Kansas GOP Insider (wannabe): November 2013

Friday, November 15, 2013

Follow the yellow brick road map

I'm trying super hard to care about the recent outrage of Andy Marso

The Topeka Capital-Journal reporter recently penned a tome about the evil Brownback administration shifting $9 million in temporary family assistance reserve funds to a literacy initiative.

"Prominent" children's advocates are concerned that the plan will take food out of the mouths of needy children. 

I don't want to sound like a mean girl, but whatever. 

Why does the state have $48 million sitting around in reserves? That's the real question, which of course, hatchetman Marso either didn't ask or didn't seek to include.

$48 million seems like an awful lot of extra cash for temporary family assistance. To me, temporary assistance means they need food, shelter, etc. immediately until a better plan of survival can be worked out. 

Maybe I'm just not understanding the intricacies of the program. Prior to Brownback's raiding of needy children, the reserve fund held enough money to provide every man, woman and child in Kansas with $17. But, not everyone in Kansas is poor.

Statistics that I don't completely buy suggest that approximately 20 percent of Kansans live in poverty, or about 560,000 people. 

And I think it's safe to assume that of those 560,000, most have the most basic of needs met. (They probably also have televisions-- plural -- in their homes; cell phones, food and clothing.) What they may not be receiving is the gift of literacy. (Thanks, Kansas public schools!)

I've already wasted too many words on a topic I consider, meh. I'm pretty disturbed that there's a program in Kansas with millions of dollars laying around in reserve.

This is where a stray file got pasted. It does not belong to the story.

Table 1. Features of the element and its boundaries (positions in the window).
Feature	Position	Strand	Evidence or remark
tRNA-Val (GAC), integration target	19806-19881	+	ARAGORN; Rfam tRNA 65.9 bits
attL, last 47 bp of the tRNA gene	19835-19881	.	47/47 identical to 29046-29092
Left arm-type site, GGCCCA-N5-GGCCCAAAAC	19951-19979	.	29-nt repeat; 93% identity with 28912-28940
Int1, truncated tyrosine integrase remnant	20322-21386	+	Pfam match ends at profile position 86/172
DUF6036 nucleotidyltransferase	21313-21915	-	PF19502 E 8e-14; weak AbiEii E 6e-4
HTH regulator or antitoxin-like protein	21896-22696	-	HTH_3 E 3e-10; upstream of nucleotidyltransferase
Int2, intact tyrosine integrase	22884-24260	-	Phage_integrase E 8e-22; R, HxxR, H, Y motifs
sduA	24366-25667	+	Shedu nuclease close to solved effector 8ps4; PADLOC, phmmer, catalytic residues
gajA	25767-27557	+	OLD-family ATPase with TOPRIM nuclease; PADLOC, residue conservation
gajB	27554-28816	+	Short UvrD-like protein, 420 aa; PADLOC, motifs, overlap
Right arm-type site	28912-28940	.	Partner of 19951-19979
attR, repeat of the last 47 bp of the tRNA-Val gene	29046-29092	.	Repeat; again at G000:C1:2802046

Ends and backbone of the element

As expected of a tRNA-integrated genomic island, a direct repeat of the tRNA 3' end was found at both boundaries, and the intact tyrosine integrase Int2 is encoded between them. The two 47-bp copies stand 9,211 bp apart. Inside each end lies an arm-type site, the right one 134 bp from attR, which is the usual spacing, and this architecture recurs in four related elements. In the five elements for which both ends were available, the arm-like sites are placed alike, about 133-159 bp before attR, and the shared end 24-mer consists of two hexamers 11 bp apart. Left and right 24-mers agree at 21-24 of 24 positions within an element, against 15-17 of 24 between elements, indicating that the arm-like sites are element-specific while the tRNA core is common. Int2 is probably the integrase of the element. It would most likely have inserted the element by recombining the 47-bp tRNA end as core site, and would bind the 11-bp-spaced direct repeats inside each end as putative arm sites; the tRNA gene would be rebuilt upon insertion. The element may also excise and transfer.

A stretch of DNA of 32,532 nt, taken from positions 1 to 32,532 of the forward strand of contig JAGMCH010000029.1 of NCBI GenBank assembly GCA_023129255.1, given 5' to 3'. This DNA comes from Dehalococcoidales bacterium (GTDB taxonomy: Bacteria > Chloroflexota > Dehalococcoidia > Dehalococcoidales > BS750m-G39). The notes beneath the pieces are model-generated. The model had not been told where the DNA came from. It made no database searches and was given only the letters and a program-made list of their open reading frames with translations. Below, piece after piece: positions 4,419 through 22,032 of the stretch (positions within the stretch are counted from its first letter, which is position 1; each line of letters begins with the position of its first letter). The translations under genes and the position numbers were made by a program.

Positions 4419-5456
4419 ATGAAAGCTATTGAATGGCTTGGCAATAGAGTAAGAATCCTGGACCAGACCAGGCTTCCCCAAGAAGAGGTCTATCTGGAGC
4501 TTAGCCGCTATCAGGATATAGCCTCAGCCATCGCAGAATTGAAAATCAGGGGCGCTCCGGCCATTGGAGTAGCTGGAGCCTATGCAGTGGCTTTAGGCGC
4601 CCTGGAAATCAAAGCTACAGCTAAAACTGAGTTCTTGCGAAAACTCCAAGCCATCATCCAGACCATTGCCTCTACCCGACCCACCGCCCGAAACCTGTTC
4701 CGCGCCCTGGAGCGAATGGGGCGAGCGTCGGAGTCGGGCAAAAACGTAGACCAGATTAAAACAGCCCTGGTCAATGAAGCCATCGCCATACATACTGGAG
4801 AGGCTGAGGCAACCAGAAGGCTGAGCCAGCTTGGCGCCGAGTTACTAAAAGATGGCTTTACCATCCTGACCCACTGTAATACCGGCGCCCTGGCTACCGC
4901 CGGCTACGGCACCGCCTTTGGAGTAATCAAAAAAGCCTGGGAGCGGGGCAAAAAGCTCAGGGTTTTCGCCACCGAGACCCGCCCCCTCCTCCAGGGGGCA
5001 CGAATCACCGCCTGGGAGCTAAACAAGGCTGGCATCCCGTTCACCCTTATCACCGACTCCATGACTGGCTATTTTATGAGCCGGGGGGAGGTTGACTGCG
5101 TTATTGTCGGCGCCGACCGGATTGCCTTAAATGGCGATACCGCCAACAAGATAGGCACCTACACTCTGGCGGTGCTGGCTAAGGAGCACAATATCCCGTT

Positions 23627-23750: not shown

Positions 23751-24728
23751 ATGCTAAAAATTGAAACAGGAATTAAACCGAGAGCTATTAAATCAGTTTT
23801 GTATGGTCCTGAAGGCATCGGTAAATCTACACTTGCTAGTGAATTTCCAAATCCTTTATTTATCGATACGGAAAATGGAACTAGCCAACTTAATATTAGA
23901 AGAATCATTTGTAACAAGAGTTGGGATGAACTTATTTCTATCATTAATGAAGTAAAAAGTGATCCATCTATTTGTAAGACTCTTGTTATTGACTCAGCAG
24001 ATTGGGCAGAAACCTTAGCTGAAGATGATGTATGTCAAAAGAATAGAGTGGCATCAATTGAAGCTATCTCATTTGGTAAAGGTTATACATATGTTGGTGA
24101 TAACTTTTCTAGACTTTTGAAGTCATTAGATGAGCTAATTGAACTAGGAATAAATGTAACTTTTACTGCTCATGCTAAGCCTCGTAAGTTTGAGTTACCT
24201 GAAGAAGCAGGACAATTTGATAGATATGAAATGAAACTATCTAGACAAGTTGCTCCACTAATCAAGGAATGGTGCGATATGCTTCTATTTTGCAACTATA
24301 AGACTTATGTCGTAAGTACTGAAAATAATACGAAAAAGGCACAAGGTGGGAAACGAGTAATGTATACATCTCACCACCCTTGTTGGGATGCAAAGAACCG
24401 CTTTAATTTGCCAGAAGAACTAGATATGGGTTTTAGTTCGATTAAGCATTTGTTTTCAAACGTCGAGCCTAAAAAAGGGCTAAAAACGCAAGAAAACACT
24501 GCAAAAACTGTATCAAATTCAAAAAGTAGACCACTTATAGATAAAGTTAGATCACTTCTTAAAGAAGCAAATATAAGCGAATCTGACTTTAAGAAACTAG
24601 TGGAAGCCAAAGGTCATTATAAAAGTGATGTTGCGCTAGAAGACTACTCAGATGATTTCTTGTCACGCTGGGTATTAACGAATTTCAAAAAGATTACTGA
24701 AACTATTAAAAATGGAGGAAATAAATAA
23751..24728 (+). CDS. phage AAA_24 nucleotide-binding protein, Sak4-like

I'm not certain the state government should be doing half of the things it does. I would prefer that government butt out of "helping" people in general.

Remember the good old days when people looked to churches and their neighbors for assistance rather than the cold and impersonal hand of money-grubbing bureaucrats? Yeah, me neither, but still. Sounds like a nicer, less complicated time.

Finally, Brownback made his literacy funding announcement flanked by people from the Boys and Girls Club and others. I note that Joyce Glasscock was quoted in Brownback's announcement

There are two Glasscocks who were at one time active in Kansas politics. The former Speaker of the Kansas House, Kent; and the former Deputy Secretary of Aging, Terry. Which one belongs to Joyce? (They are of the moderate wing of the Republican Party, and if I remember correctly, there was some sort of scandal involving the Department of Aging at the time. I do not remember the details and am too lazy to look them up.)


Tuesday, November 12, 2013

Olathe, dumber than I thought

Welp. It appears the citizens of Olathe are dumber than I thought. 

According to unofficial results, Olathe voters opted to support a sales tax increase to fund road improvements. How vapid and uninspiring.

Here's the deal, local governments should fund road improvements and maintenance through it's general fund and existing budget. Road maintenance should already be built into the tax equation, and new growth and development should fund new roads. If Olathe isn't funding road maintenance with its existing property taxes, sales taxes, share of gasoline taxes, what are they doing at city hall? Olathe property values increased last year -- meaning more tax revenue without having to increase rates. Meanwhile, sales taxes were also up. Not to mention, Olathe is a growing community, which means crazy collection of development fees. Again, where are they wasting money at Olathe City Hall? Because it's obvious they're doing something wrong if they have all of those revenue "enhancements" and still need more.